Commentary: Swipe fees hurting local businesses


Texas is known for its friendliness, delicious food, honesty, and of course, for everything is bigger and better in the Lone Star State. The grocery industry is no different. Grocers invest in the communities they serve, ensuring quality and that affordable food is readily available, while competing openly in a large industry every day to create good jobs and boost our state’s economy.

Texas retailers strive to keep their prices low by seeking out efficiencies in every aspect of their business and constantly negotiating lower costs. One area where they have never been able to negotiate their costs is in accepting credit and debit cards.

U.S. merchants pay nearly $80 billion annually to the banks and credit card companies in hidden acceptance fees, which is higher than anywhere else in the world. These hidden fees have stifled growth, driven up the costs of consumer goods and hurt small businesses for long enough.

In 2010, American consumers and merchants earned a hard-fought victory over escalating, uncontrollable hidden fees with the inclusion of the debit reform measures in the Wall Street Reform and Consumer Protection Act. These reforms brought transparency and competition into a market where fees were traditionally set collectively behind closed doors and without regard to the costs imposed on American consumers and Main Street retailers.

For the first time small businesses can now see and know exactly how much they will be charged for a debit transaction from one of the covered institutions. This was an essential first step to move America’s electronic payments system toward a truly open and free market.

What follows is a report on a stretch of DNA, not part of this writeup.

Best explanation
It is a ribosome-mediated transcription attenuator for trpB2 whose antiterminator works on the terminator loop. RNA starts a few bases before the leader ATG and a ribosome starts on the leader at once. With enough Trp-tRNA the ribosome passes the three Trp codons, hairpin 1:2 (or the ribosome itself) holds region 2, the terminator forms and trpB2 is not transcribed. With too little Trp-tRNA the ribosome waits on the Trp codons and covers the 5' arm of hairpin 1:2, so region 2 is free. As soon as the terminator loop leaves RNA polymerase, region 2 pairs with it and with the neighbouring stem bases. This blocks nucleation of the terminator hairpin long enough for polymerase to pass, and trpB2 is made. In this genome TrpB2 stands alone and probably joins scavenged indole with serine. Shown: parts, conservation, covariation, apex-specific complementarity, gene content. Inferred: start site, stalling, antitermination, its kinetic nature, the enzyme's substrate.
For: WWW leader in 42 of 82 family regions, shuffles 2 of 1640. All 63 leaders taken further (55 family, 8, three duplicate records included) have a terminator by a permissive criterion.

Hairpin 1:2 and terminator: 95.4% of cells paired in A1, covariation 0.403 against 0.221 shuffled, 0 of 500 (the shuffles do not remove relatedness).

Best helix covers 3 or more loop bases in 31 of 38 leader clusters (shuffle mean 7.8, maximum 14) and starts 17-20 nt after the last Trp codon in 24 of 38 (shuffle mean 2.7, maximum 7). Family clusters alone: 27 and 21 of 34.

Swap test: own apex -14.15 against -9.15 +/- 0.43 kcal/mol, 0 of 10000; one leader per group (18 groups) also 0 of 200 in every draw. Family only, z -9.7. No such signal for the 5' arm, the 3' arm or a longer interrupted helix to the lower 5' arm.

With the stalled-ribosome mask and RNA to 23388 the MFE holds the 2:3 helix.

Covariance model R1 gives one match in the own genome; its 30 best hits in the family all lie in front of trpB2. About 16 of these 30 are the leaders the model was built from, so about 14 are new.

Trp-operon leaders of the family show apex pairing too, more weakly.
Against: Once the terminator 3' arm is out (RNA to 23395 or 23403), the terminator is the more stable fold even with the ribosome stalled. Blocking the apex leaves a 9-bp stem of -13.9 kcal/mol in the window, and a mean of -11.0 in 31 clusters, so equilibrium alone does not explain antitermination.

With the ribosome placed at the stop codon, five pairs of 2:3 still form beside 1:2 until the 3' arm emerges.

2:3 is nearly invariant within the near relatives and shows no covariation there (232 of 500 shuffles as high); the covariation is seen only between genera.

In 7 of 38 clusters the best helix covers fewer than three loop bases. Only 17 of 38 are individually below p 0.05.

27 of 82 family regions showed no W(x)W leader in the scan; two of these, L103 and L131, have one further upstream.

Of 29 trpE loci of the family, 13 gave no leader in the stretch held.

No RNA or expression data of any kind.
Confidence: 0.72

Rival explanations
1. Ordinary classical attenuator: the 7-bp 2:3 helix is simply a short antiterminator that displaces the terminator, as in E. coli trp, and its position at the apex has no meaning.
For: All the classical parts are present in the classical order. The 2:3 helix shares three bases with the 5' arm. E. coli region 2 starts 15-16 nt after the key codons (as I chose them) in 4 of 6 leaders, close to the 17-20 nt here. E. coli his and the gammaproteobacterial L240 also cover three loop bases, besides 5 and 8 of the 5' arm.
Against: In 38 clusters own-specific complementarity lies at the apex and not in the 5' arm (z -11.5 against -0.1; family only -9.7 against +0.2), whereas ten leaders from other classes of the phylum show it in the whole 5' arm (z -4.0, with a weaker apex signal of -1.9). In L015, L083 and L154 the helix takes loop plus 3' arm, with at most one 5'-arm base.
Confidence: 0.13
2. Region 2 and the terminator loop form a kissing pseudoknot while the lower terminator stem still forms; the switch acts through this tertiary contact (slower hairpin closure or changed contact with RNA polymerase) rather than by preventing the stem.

Unfortunately, these pro-competition reforms are now under assault in Washington.

Texas’ own Jeb Hensarling, chairman of the Financial Services Committee, is expected to introduce legislation that would repeal Wall Street reforms, along with the successful debit and swipe fee reforms. The mega-banks are spending millions of dollars to convince Congress that competition is bad for business and should be repealed. Opponents of competition argue that small banks and credit unions have been harmed by these reforms. However, the argument has a giant hole in it and the facts tell a much different story.

Just last year the Federal Reserve studied how the small banks that were exempt from the regulations, those under $10 billion in assets, were faring under the reforms. The study concluded that “…the volume of transactions conducted with cards issued by exempt banks grew faster than it did for large banks.”

The report further found that interchange revenue for exempt banks continued to rise for small banks. The study concluded that “…the evidence does not support the claim that competitive forces have effectively imposed the interchange fee ceiling on small banks…”

At home here in Texas, our local credit unions have also been able to capitalize on their ability to compete with the giant banks, which has been good for consumers.